While these are working, prepare your mushrooms. You can use any you like, though I find that regular button mushrooms really don't have much flavor. I really love criminis, which are baby portabellas. When I can find it, I get the mix packs. For this I used criminis, oysters and shitakes.

Mushrooms usually need a quick cleaning, but can get too waterlogged and rubbery if you run them under water. A wet paper towel and a quick brush off of any visible dirt is all you need. I like to cut them into large chunks.

Once the onions are caramelized, add these right in.

Cook them for about 10 minutes, until they brown up and wilt a bit, then add in the thyme. I like to strip a few stems and mix in the leaves, and also to throw a few stems in whole and then pull them out after.

Mix that up and let it cook on low while you prepare your steak. Then, when the steak is resting after cooking, come back and finish it off.

I cooked this steak on the charcoal grill. I alternate between that and the gas, though I've been on a gas kick lately, and I think steak tastes best when cooked over charcoal. Get the grill roaring hot, and then to about medium high (our grill has a grate where the coals can be raised or lowered with a crank, so I lower it a few inches). Season the steak with salt and pepper and drizzle a little olive oil, then on she goes.

For a steak of this thickness (1-1 1/2 inches) to be medium/medium rare, I cook for about 6 minutes on the first side and 3-4 on the second. It takes some practice, but eventually it's something that can be determined by touch. The steak will be a bit soft and bounce back in the middle at that doneness when you press on it.

While the first side cooks, I test the wine I'll be using in the sauce. Grilled asparagus will be our side this evening.

When the 6 minutes are up, flip and cook the second. How long it takes will depend on how hot the grill is and how well you want it cooked, so give it a poke after two minutes or so and keep testing. When it's done, pull off and let rest for at LEAST 10 minutes. Cutting the steak too early will make all the juices run out and the steak will be dry.

We usually tend to do one steak/two people around here, and load up on the veggies, so this steak is for Johnny and me (and whatever Declan can steal once he's full of vegetables himself. Kieran, of course, will have peanut butter and jelly).

While the steak rests, it's time to finish the sauce. Turn the heat back up and add in the red wine. It will boil up a bit, and this is when you scrape the pan to deglaze. Then, while it simmers, add in another pat of butter to finish off the sauce.

Once the wine has reduced down and the sauce is a smooth, silky consistency, pull out the thyme stems. Spoon over the steaks and serve. Try to resist coming back to the pan and eating the rest straight out with a spoon. Though it you do have leftovers, they are delicious over a piece of charred crusty bread.

Grilled Steak with Thyme Red Wine Caramelized Onion and Mushroom Sauce
Steak of your choice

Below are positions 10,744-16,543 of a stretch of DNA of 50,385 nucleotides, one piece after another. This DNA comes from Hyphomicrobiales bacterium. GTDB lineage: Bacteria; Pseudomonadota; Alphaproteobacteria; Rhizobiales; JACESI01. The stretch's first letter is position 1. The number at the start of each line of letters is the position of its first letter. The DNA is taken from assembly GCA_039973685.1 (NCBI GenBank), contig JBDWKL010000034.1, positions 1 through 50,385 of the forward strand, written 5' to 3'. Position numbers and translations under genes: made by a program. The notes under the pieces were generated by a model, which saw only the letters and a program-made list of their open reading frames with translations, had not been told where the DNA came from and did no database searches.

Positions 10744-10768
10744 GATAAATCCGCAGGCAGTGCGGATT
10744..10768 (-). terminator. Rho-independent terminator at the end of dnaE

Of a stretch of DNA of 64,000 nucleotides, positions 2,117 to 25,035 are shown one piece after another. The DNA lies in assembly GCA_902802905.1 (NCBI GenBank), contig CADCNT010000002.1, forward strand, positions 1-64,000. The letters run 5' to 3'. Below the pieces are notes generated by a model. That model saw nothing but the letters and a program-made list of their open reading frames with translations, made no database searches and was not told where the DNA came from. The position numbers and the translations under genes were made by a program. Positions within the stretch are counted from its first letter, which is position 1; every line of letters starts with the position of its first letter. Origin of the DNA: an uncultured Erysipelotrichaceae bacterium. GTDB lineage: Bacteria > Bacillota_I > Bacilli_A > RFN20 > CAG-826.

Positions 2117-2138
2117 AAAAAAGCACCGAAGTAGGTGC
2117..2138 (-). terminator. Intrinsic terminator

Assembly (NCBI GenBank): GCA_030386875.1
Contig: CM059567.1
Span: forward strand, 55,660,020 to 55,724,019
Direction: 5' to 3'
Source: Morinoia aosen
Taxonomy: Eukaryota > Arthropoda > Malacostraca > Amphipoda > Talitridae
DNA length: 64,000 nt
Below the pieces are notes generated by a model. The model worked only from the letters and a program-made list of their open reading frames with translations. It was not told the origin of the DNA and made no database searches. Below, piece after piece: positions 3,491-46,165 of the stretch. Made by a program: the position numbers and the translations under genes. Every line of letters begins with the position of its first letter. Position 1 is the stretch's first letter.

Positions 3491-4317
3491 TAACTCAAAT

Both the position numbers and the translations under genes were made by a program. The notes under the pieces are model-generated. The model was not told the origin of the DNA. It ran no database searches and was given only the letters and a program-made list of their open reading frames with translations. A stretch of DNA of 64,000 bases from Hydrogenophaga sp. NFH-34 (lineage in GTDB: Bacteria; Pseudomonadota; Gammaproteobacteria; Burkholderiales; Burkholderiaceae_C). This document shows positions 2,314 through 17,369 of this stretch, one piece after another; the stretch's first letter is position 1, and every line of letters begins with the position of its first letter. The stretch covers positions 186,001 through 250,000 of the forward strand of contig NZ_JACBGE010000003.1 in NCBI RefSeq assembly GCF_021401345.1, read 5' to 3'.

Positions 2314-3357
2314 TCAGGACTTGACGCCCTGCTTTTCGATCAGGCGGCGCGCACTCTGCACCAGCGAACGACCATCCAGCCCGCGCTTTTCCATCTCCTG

1 large red onion, sliced
1 pint of mushrooms (crimini, oyster and shitake used here), roughly chopped
5 sprigs of thyme, 2 with leaves stripped, 3 whole
3 TB butter, divided
3 TB extra virgin olive oil, plus more for drizzling on steak
1 cup of good red wine

Pull the steak from the fridge, remove wrapper, and let sit until it comes to room temperature, about a half hour.

While the steak us resting, prepare the sauce. In a large, heavy bottom skillet (I prefer cast iron, but stainless steel is great too), heat 2 TB butter and 3 TB olive oil over medium-high heat. Slice the onion and add to the skillet. Cook them until they start to brown and give off their juices, stirring often. Turn the heat down to medium/medium low and cook until onions are caramelized, about 30 minutes. While onions are cooking, wash the mushrooms by brushing them with a wet paper towel. Roughly chop and add to the caramelized onions. Cook until they are wilted and browned, about 10 minutes. Add in the thyme leaves and sprigs and stir to combine. Turn the mixture low while you prepare the steaks.

Heat your grill to medium-high (if you are using a charcoal grill, start the coals around when you put on the onions.) For medium/medium-rare steak, cook for 6 minutes on the first side and about 3-4 on the second for a steak 1-1 1/2 inch thick. When the second side is cooking, press your finger in the middle of the steak. If it springs back after 2-3 minutes, it's done. If you like it more well, wait until it's got less give when you do a finger press. (*Note: if it's not grilling weather, this same principle applies to indoor cooking. A cast iron skillet is my favorite indoor steak cooking vehicle.)

Let the steak rest for at least 10 minutes once it's done. Meanwhile, turn the heat back up on your sauce. Once it starts to sizzle, add the red wine. Scrape the pan to get the cooked on bits up and stir to boil. Reduce to a simmer and add the last TB of butter. Cook until the sauce reduces, thickens, and becomes silky, 2 minutes or so. Pull the sprigs of thyme and serve over your steak. (Also great on crostinis).